>>Kevin:  We had a great house for music because we had an upright piano in the hall. And you had this big hall when you walked in the house, and that was where we’d roll back the rug and the piano—the upright was right there.  My father of course, he’d always invite everybody back. My mother used to get upset. He’d invite everybody back to the Doyle household. He’d start cooking bacon and eggs at all hours of the morning, you know. Scotch ham and everything else at that time.

>>Shannon:  And you guys were kids? 

>>Kevin:  And we were kids, yeah. 

>>Shannon:  And they were just all coming in. 

>>Kevin:  (Laughing)

>>Shannon:  And Kevin remembers going to the dance halls in Providence, when he and his sister were both pretty small.

>>Kevin:  Providence had a lot of Irish history—a lot of, lot of Irish history. People forget about that. They think about New York, they think about Boston, and little Rhode Island in the middle there had such a strong Irish presence. All on the East Side; Fox Point where I was born; it was just full of Irish. And um, then South Providence—yeah, there was just—the Irish went everywhere.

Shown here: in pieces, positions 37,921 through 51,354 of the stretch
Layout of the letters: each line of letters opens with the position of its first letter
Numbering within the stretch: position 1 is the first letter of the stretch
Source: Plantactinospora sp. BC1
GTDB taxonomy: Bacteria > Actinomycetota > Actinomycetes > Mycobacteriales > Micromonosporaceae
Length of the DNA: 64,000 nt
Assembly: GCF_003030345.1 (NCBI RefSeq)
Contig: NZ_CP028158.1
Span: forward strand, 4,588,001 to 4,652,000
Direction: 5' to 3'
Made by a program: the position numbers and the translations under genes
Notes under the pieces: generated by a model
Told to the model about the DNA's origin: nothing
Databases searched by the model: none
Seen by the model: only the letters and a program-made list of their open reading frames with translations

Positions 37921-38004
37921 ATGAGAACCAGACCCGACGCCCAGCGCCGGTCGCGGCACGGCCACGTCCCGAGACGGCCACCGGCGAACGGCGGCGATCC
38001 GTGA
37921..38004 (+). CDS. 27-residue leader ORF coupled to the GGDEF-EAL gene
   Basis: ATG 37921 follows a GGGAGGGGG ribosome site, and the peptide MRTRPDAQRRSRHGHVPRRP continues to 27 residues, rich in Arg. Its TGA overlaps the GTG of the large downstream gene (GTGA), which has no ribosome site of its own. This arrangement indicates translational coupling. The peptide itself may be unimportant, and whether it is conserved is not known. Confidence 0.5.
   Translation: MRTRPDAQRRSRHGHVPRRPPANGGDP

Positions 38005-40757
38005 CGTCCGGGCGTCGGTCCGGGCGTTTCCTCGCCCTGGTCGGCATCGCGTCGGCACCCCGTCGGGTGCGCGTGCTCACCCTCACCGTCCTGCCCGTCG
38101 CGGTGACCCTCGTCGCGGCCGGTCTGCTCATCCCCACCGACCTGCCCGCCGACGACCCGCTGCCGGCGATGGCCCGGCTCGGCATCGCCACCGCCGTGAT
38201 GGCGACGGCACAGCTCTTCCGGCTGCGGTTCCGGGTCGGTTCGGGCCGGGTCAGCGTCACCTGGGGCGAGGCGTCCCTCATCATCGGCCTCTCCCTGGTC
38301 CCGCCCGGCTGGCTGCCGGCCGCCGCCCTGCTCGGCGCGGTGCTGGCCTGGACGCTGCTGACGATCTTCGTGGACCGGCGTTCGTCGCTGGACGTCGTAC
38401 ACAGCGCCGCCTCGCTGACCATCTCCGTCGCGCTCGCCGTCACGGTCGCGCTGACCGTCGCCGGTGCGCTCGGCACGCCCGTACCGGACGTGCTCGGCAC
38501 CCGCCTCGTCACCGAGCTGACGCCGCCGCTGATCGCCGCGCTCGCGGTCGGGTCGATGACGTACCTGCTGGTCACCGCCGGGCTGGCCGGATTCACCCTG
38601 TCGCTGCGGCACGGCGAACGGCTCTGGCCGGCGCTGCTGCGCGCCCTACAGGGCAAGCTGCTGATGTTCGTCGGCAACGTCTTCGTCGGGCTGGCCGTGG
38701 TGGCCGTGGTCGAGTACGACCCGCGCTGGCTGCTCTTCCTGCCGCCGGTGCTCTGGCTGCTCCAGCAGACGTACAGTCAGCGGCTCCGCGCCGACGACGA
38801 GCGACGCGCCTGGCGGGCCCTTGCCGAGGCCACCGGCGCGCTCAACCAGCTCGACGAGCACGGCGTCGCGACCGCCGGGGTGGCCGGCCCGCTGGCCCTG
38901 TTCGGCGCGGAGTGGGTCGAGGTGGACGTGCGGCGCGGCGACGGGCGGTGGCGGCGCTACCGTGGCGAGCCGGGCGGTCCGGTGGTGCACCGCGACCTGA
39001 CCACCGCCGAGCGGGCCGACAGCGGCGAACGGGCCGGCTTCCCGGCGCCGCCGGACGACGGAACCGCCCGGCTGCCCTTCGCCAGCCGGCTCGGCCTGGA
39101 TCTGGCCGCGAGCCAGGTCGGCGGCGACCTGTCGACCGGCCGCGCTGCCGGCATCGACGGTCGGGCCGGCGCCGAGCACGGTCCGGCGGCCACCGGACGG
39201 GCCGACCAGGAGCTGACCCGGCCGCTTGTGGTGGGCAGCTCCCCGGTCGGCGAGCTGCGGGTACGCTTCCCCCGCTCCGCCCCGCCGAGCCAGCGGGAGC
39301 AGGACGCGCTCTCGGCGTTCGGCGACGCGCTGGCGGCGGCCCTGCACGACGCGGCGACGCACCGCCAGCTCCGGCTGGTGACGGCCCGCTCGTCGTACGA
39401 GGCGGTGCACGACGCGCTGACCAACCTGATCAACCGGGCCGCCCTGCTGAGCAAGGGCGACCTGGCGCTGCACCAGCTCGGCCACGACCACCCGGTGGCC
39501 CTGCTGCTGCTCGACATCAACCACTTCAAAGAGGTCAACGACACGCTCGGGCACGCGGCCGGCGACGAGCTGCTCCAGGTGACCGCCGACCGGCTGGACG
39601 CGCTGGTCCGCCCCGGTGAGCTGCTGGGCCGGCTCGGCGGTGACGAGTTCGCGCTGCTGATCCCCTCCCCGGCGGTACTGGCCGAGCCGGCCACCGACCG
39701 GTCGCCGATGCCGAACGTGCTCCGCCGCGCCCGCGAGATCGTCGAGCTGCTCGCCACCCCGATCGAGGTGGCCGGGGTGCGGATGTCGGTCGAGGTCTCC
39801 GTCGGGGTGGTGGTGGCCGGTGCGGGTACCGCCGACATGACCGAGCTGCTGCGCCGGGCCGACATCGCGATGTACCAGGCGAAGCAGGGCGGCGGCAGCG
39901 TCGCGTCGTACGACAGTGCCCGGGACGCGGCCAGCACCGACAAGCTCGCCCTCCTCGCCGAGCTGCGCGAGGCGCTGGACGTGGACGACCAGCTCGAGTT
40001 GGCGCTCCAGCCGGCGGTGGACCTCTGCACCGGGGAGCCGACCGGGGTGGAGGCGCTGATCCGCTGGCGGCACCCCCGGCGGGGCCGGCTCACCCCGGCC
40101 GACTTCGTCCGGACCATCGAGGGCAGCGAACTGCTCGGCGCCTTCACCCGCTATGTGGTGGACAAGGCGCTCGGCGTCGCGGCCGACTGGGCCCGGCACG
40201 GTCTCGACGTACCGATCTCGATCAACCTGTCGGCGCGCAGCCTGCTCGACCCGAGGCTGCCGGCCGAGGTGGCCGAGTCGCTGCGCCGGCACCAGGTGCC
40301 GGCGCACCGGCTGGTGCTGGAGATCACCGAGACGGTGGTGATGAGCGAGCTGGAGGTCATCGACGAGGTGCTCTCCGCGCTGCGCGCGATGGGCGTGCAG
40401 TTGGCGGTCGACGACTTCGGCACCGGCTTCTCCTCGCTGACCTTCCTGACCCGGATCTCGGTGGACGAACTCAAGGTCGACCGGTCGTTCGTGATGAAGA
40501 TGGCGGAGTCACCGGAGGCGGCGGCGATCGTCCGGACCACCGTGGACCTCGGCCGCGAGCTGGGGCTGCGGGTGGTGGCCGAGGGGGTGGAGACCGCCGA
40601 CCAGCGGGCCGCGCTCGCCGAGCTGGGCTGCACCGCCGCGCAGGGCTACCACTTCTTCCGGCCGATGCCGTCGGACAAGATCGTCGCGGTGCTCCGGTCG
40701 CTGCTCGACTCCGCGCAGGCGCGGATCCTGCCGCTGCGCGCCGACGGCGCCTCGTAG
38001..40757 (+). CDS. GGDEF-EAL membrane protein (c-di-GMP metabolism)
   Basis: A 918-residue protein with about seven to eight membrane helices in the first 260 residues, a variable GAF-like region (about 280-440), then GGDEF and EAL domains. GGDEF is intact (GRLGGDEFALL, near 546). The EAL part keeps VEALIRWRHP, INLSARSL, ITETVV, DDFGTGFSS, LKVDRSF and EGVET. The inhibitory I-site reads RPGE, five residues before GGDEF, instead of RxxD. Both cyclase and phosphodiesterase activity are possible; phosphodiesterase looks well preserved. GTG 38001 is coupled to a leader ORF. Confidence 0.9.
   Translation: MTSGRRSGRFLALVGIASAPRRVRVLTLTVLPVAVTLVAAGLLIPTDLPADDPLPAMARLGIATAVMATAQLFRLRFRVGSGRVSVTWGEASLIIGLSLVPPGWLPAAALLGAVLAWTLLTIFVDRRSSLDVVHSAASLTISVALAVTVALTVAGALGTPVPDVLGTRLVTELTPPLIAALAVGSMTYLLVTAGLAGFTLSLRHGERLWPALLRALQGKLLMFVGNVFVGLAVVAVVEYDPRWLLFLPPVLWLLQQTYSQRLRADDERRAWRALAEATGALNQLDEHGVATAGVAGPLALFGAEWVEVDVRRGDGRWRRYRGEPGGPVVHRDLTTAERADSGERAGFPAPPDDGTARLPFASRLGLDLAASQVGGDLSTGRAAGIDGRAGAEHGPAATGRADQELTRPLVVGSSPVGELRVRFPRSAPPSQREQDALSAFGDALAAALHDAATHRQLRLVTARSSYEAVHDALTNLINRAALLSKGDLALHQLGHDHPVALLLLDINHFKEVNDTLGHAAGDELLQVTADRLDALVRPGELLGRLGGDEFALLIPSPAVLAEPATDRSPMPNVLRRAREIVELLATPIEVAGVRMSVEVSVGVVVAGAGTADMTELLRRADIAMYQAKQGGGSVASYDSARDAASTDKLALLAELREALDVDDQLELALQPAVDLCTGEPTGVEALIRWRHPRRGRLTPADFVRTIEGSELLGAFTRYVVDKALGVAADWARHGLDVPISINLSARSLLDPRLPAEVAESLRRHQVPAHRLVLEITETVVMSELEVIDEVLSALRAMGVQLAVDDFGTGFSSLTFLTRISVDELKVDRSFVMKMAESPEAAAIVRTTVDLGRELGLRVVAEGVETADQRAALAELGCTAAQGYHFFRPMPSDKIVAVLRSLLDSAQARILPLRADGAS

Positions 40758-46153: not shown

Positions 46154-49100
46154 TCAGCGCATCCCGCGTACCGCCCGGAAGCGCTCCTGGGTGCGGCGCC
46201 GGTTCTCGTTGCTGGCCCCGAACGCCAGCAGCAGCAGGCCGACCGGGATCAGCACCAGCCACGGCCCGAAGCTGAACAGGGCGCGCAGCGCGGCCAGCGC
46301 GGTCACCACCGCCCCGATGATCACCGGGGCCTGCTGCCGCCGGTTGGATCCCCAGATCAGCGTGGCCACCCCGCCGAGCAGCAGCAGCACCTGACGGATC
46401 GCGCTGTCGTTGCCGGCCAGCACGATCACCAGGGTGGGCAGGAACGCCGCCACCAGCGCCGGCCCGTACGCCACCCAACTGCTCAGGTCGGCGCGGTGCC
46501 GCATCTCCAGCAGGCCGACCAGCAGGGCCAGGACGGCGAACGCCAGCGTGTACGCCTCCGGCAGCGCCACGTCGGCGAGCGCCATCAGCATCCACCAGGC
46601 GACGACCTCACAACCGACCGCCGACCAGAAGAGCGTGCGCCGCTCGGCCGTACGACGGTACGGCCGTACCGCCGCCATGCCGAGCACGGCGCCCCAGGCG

>>Shannon:  The Ceili Club was, it just celebrated 60 years. And um, it, that was one of the big halls where they would have the ceilis and they would have the big gatherings of the Irish in all the community, you know. And uh, there was another place in Providence which was held at the Lithuanian Club where they would have these big dances. And all the Irish would gather there, because like my mother who worked as a domestic when she came over for the rich people on the East Side of Providence, they all had their meeting places, you know. And so, these dances were a place where they’d all reconnect. And they’d always have these big ceilis and hoolies and, um, bands would come in. And it was just a gathering and a social, a social dance. 

You’d meet some beautiful people there; you know what I mean? And, and um you came over with your girlfriends and you might have come over a few years earlier than your girlfriend, and something like that, from the old country. And then they’d all find their way to these dances, because it was word of mouth, and ah, telephone, you know…

>>Shannon: Yeah.